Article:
update: 4-04-2010


These 2 newspaper articles are from 1969, and recently discussed at one of the mailinglists featuring the reed organ.


Article 1:

"The Melodeon, an heirloom"
by mr. Carl Closs. 1969

Article 2:

"Repairing melodeons"
by mr. Carl Closs. 1969

Article 3:

Rebuttal by Jim Tyler, restorer. 2010





The text these 2 articles you are about to read below, is considered to be full of misinformation. The late mr. Closs was - despite his enthousiasm - most defenitely NOT a skilled restorer. Most of his solutions mentioned in his text are not in the interest of the instrument in both historical and musical perspective.

I have asked a well known restorer to comment on the article.

Nevertheless: His way of promoting was way before the ROS was founded. In this way it was well meant.

The reply or even a 'rebuttal' is printed below the original articles.




1969 (name of newspaper unknown) / Supplied by courtesy of Tommy Covington

The melodeon, in my estimation, is one of the most desirable as well as practical of all antiques. This fine old musical instrument is closely as­sociated with the cultural and social life of our 19th century ancestors and deserves a prominent place in the records of that era and in the collec­tions of the present and future.

Synonymous with the name, melodeon, I think of happy family gatherings, parties, singing bees and Christmas carols of the past. The melodeon is representative of a certain period of affluence and is associated with the better cultural progress of the family circle of the early and middle 19th century.

Considering the age of this instrument, I believe it to be a remarkably well engineered piece and the craftsmanship in the design of the cabinet and legs of most good melodeons is incomparable. The size and design of the average melodeon is such that its use in the average modern home is very practical from the standpoint of taste, appearance and actual use.
The tone of the melodeon cannot be rivaled for its soft and pleasing effect on the listener in this present day of Jive and Jitterbug. -,

My interest in melodeons came about this manner. Having once seen a melodeon, I could not rest until I owned one. About five years ago I saw my first one and having an extra supply of imagination I could visual­ize the fine instrument it once had been, in spite of years of abuse and neglect.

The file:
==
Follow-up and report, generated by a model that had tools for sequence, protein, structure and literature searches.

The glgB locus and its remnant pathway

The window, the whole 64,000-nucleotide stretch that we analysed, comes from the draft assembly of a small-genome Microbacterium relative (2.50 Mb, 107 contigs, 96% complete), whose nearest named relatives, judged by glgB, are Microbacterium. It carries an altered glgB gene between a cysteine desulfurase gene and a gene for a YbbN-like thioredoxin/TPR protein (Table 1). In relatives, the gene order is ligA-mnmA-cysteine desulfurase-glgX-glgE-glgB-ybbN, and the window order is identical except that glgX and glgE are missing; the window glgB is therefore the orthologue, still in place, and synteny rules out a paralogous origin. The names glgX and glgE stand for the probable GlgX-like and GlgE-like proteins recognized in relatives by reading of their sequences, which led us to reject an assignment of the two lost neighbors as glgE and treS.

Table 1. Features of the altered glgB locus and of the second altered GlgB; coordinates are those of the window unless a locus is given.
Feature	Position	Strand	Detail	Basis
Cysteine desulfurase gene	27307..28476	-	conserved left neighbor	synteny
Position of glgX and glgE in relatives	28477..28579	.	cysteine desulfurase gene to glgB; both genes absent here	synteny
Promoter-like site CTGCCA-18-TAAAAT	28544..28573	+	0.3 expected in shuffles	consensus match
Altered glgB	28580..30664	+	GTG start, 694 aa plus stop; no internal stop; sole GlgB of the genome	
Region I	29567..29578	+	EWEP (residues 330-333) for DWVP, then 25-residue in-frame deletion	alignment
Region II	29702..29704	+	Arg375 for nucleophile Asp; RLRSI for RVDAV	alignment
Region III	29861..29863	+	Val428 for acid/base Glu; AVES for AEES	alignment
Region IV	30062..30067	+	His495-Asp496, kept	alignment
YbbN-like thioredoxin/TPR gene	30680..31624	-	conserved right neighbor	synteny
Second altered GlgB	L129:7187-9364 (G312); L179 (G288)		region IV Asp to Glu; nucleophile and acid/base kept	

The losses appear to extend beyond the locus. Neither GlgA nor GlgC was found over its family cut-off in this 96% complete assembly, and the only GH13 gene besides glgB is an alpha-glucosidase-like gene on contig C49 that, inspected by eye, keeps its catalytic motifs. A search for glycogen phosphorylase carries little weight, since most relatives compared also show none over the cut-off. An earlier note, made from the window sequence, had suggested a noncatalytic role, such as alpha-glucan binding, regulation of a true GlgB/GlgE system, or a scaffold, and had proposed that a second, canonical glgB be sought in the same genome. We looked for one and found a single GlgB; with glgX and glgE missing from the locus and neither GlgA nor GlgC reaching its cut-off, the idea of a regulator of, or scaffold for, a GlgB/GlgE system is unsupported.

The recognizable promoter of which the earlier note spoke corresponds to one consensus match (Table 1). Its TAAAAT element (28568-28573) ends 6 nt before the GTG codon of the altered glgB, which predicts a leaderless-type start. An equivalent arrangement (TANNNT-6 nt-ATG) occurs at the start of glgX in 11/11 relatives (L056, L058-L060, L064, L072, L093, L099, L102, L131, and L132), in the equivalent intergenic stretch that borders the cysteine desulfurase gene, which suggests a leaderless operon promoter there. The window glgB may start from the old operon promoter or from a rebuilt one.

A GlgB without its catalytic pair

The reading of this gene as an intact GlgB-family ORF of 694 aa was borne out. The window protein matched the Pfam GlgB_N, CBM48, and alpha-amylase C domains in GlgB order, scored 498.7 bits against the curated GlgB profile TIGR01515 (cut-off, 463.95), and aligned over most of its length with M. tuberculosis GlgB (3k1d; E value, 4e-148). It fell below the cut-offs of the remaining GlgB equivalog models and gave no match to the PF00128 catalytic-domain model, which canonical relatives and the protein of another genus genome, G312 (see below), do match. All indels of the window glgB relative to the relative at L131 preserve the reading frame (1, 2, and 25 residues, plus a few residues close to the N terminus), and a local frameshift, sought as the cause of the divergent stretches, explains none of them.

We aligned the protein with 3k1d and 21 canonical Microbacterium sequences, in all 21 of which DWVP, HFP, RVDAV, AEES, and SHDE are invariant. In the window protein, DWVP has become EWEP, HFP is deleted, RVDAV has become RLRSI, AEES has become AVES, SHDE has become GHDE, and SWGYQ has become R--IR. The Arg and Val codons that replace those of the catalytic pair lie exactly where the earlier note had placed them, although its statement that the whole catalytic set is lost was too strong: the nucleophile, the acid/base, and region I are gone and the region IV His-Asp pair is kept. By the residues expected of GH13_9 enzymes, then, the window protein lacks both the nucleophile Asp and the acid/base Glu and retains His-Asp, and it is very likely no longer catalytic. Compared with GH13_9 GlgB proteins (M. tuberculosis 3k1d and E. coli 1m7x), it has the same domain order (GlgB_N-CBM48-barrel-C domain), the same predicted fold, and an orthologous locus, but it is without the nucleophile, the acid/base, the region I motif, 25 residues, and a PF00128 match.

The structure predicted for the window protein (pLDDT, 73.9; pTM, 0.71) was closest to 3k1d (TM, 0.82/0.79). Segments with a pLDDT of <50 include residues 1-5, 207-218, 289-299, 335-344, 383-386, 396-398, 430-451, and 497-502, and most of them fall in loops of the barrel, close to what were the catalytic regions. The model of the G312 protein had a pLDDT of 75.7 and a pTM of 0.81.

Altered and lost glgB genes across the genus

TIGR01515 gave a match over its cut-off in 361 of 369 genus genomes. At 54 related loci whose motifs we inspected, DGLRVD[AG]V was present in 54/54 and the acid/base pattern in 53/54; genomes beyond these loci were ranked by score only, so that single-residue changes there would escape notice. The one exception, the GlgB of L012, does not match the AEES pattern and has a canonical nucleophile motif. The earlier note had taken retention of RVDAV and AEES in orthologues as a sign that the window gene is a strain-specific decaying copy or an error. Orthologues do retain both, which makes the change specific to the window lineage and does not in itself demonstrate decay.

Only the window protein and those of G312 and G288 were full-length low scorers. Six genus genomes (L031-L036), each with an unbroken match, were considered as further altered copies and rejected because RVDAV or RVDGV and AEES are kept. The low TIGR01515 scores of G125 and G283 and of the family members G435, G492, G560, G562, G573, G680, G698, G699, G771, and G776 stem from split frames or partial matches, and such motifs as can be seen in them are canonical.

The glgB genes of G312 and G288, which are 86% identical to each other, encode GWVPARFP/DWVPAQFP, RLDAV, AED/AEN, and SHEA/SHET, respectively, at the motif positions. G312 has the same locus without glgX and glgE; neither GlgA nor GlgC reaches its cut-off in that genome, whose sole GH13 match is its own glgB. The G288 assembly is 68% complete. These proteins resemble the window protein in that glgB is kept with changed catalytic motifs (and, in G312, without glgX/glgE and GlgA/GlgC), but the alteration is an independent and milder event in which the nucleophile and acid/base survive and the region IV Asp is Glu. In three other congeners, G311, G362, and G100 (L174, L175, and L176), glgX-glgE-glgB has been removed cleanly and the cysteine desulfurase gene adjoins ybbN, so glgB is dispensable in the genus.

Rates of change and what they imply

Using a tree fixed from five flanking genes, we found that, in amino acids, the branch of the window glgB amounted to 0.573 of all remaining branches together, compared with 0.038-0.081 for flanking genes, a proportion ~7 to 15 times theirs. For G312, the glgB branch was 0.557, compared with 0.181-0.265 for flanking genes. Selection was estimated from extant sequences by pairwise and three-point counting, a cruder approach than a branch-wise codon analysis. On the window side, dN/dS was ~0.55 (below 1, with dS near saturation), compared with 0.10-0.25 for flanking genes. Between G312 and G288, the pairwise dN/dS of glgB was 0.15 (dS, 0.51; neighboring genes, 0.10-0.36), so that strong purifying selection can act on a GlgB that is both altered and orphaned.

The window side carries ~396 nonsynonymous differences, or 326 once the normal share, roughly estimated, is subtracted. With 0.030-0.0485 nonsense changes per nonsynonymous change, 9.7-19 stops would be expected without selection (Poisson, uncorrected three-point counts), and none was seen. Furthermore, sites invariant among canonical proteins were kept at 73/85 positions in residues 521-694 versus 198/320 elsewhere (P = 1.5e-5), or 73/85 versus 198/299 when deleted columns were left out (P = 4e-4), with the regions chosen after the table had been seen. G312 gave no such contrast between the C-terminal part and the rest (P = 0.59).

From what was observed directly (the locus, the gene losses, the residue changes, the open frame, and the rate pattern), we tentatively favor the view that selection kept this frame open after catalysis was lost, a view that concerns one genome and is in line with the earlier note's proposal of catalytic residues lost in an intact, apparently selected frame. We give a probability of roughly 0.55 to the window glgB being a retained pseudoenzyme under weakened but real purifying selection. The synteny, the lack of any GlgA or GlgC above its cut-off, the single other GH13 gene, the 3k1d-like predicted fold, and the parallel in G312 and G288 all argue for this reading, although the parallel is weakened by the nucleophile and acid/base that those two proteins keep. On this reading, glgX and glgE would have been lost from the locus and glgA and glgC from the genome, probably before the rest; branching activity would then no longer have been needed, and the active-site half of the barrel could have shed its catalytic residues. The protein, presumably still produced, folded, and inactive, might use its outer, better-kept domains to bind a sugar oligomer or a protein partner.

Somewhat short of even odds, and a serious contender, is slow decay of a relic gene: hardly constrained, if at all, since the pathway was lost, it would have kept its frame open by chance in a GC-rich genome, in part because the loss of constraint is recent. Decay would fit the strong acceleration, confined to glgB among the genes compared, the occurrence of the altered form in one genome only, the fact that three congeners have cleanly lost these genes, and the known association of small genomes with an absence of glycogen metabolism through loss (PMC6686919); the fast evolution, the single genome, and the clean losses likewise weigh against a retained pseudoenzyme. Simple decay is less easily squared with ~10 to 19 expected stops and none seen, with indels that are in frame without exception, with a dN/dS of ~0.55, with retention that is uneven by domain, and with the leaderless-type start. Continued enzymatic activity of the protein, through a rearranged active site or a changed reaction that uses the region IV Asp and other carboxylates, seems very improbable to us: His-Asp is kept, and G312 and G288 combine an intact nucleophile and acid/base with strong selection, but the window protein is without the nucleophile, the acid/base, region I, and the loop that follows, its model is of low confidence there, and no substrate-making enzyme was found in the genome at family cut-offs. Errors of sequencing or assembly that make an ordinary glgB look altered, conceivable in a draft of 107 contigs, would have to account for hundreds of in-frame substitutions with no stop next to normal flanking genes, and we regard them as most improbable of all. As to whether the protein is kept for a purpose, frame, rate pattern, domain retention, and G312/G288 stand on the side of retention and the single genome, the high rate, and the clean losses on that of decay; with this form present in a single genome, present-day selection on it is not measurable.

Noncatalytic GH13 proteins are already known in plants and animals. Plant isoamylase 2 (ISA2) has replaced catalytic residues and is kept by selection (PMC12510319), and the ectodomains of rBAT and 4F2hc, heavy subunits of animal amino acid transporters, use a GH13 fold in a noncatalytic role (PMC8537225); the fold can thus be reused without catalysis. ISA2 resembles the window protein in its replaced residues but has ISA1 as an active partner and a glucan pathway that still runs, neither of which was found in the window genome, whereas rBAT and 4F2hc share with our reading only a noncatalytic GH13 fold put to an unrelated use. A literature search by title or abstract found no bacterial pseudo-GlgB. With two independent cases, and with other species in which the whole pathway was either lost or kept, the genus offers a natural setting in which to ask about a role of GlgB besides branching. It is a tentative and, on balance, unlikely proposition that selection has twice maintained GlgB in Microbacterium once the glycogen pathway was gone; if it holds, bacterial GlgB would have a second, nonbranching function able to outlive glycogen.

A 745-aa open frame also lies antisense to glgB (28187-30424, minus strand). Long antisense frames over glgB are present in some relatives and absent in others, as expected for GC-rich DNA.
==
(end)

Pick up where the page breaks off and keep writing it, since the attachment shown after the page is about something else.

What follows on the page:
Scars, scratches and grime covered its fine rosewood cabinet, its cameo carved legs and ivory keys. Restora­tion seemed hopeless. The bellows were useless and the valves worthless.

On examination I discovered it be a genuine B. Schonninger (sic!). This firm made fine pianos in later years.

I decided to buy the instrument if possible and restore it at any expense.  After considerable correspondence and bargaining I purchased it, meanwhile deciding to attempt the restoration, myself. Without any previous ex­perience and aided and abetted by my wife I began the job. Two months later, working in my spare time the job was done. New finish, new bellows and valves and we now have an antique from which we derive more enjoyment and pleasure than any­thing we have ever experienced.

Everyone who has seen this melo­deon, has been thrilled by it. People, invariable mistake it for a type of spinet piano. My wife derives endless enjoyment playing it, and I in listening.

As a result of my experience and wanting to provide future entertain­ment for my spare time, I began to search for another melodeon.  After several months I located another in about the same condition as the first, except that the pedals and lyre were missing,
Meanwhile friend attempted to buy my original melodeon and natur­ally we did not wish to sell it. On hearing of my second purchase, a friend persuaded me to sell it to him in the rough condition. Knowing that it was useless without the pedals and lyre, I set about devising a method to apply a blower to this instrument, eliminating use of the pedals and making for greater speed and efficiency in playing. I succeeded in developing the idea and my friend immediately began the restorations of the melodeon and you might say electrification.

He now possesses an enviable and practical musical instrument that is a source of constant pride to him. I do not believe this type of restoration and modernizations is sacrilege, but I belie it is sacrilege to disembowel an honorable old melodeon in the process of making a spinet desk as so many people do.

These two melodeons spurred me onward until I have since had several of them and in addition have progressively collected and am now a small dealer in antiques of all kinds, realizing a satisfaction I have never known before.

My principal aim now is to compile all data possible on the melodeon and, write a history of this instrument for posterity. I will need a lot of help as there is no existing record covering it to my knowledge. Outside of the collector, it is surprising how few people know what a melodeon is.

Picture: Melodian (sic!) Rosewood, ca. ? refinished, 32 keys ( sic!), New bellows. Price $ 850.00

Shoninger Melodeon


Repairing Melodeons

- 1969, unknown newspaper. Supplied by courtesy of Tommy Covington

Organ reeds differ from melodeon reeds in that the tongue of the organ reeds leads underneath the reed frame (sic!), whereas the melodeon reeds extend lightly above the frame. The organ is a pressure instrument and the melodeon a vacuum instrument. This is not common knowledge as most people think of the melodeon as a type of organ.